For Mohamad Mukhaimar, a psychologist from Gaza, there was something fundamentally wrong with Tony Blair's style of peace-making in the Middle East.
By exploring only economic solutions and ignoring the psychological dimensions, the former Prime Minister was, said Mr Mukhaimar, adopting "a humiliating approach to Palestinians' open pain".
Hope could come only when feelings of anger, humiliation and the need for recognition were addressed alongside purely material factors, he said. Talk of "post-traumatic stress disorder" among Palestinians made little sense when the traumas were continuing, he told the "Sites of Conflict: Psycho-Political Resistance in Palestine-Israel" conference at Birkbeck, University of London, last week.
Organiser Lynne Segal, anniversary professor of psychology and gender studies at Birkbeck, said the conference was inspired by a group of Israeli and Palestinian mental health professionals who shared a commitment to dialogue, non-violence and peace - and found ways to keep talking even during the Israeli assaults on Lebanon and Gaza in 2006 and 2008.
It might be asked why non-specialist British academics feel able, or even duty bound, to involve themselves in tackling the Middle East crisis. "As scholars, we want to be able to hear the voices of people striving to end this conflict," Professor Segal explained.
"It is our responsibility as British academics to foster communication. One of our remits as a department of psychosocial studies is to think about sites of conflict."
To this end, the conference organisers planned to bring clinicians from Israel and Palestine to Britain for the first time and to devote one day of the conference to their experiences, while using the second day to expand the argument to other conflicts.
But nothing in the Middle East is ever simple.
Of the planned participants from the West Bank and Gaza, one had to drop out because of ill heath and several more were not allowed to travel. One was given permission to leave Israel but refused permission to enter the UK, as endless paperwork shuffled back and forth between the British consulates in West Jerusalem and Amman.
This meant that although a speaker from Ramallah delivered a paper via Skype about the complex relationships that can develop between Israeli officers and Palestinian prisoners, several other important "voices" were not to be heard.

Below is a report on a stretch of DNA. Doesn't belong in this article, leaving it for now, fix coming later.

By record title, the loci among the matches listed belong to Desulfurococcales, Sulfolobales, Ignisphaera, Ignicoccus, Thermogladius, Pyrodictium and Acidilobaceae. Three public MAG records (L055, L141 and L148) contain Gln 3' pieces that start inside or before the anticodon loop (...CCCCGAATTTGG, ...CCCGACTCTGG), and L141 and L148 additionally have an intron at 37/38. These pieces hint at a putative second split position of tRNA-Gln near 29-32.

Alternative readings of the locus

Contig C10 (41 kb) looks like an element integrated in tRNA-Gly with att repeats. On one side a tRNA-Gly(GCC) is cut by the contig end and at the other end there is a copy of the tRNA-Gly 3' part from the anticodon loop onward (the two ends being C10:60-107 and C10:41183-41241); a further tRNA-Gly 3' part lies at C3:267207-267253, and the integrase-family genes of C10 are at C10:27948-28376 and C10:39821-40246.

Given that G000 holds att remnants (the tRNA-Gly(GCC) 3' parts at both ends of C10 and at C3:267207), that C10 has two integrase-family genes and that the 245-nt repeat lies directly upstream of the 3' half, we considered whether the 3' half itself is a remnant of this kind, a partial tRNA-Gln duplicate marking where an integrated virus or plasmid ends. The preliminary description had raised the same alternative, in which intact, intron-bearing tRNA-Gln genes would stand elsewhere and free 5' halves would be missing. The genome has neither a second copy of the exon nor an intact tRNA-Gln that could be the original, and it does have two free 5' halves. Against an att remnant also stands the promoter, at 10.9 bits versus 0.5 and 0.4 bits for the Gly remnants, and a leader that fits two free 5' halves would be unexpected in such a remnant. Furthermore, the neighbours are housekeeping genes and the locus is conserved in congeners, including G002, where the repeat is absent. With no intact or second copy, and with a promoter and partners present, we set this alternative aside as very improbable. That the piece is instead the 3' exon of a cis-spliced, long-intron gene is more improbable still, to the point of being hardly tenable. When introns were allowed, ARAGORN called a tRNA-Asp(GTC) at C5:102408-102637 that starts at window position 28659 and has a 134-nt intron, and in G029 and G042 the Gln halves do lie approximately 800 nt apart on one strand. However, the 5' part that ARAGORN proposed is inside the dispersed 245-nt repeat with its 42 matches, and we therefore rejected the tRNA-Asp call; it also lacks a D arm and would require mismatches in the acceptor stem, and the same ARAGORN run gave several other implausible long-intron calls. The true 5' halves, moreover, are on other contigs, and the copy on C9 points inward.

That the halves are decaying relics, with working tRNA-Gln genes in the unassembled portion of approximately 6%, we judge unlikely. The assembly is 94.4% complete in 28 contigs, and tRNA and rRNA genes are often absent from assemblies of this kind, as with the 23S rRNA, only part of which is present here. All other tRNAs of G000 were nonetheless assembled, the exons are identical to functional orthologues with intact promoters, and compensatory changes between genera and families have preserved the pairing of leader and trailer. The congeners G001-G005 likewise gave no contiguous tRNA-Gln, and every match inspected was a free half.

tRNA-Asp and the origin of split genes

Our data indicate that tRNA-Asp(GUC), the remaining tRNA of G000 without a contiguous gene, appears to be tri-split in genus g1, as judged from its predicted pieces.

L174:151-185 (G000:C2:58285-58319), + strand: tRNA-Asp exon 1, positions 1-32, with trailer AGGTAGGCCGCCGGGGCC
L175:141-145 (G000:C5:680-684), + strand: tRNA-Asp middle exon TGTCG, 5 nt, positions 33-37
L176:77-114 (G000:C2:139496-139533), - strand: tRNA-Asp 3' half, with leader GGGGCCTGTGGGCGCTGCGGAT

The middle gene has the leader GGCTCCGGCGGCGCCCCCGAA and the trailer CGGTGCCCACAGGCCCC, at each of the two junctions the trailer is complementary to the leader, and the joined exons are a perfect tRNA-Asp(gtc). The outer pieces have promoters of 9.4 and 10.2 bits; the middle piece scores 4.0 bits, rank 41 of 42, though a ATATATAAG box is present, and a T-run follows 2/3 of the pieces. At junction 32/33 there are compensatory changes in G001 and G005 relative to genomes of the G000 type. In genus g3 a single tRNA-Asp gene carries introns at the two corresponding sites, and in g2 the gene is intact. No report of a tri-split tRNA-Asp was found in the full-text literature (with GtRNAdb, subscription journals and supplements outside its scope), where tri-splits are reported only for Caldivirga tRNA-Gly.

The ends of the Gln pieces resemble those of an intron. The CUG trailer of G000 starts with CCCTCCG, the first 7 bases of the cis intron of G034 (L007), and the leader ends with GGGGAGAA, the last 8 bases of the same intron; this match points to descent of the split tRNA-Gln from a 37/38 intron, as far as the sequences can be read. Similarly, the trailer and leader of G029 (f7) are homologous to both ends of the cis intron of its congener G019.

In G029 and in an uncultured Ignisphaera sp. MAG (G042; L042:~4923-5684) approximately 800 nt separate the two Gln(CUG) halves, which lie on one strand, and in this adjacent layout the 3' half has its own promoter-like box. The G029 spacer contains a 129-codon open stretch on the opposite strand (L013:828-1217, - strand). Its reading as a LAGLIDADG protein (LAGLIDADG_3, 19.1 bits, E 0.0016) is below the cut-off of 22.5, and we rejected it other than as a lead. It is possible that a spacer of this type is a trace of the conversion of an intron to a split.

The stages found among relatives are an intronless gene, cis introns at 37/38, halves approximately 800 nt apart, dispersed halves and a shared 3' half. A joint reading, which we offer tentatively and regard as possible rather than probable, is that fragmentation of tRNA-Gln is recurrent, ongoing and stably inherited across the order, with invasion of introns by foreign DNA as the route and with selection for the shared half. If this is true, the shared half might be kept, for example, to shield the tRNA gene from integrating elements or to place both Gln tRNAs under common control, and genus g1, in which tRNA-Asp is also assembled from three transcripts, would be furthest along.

Mr Mukhaimar described daily life in Gaza under a "suffocating siege", where poor employment prospects often led to a loss of self-worth - and sometimes domestic violence - among men, while their sons sought alternative role models in the resistance fighters.
Asked how therapists, who have often themselves lost loved ones, could hope to "cure" their patients in such circumstances, he said mental-health practitioners on both sides were "breaking through the wall of fear, hatred and paranoia" one small step at a time.
Israel/Palestine remains one of the world's most intractable conflicts, a poisoned chalice for successive American presidents and a divisive issue within British universities, where many academics from Jewish or Arab backgrounds feel personally implicated.
For Stephen Frosh, professor of psychology at Birkbeck, that is precisely why it deserves academic attention. His department of psychosocial studies, he said, has "a tradition of critical thinking and radical thought, of looking sideways at problematic issues of conflict and violence".
The conference, which took place on 15-16 October, "represents both an act of solidarity with those working across the divide and a commitment to certain kinds of conversation", he said.
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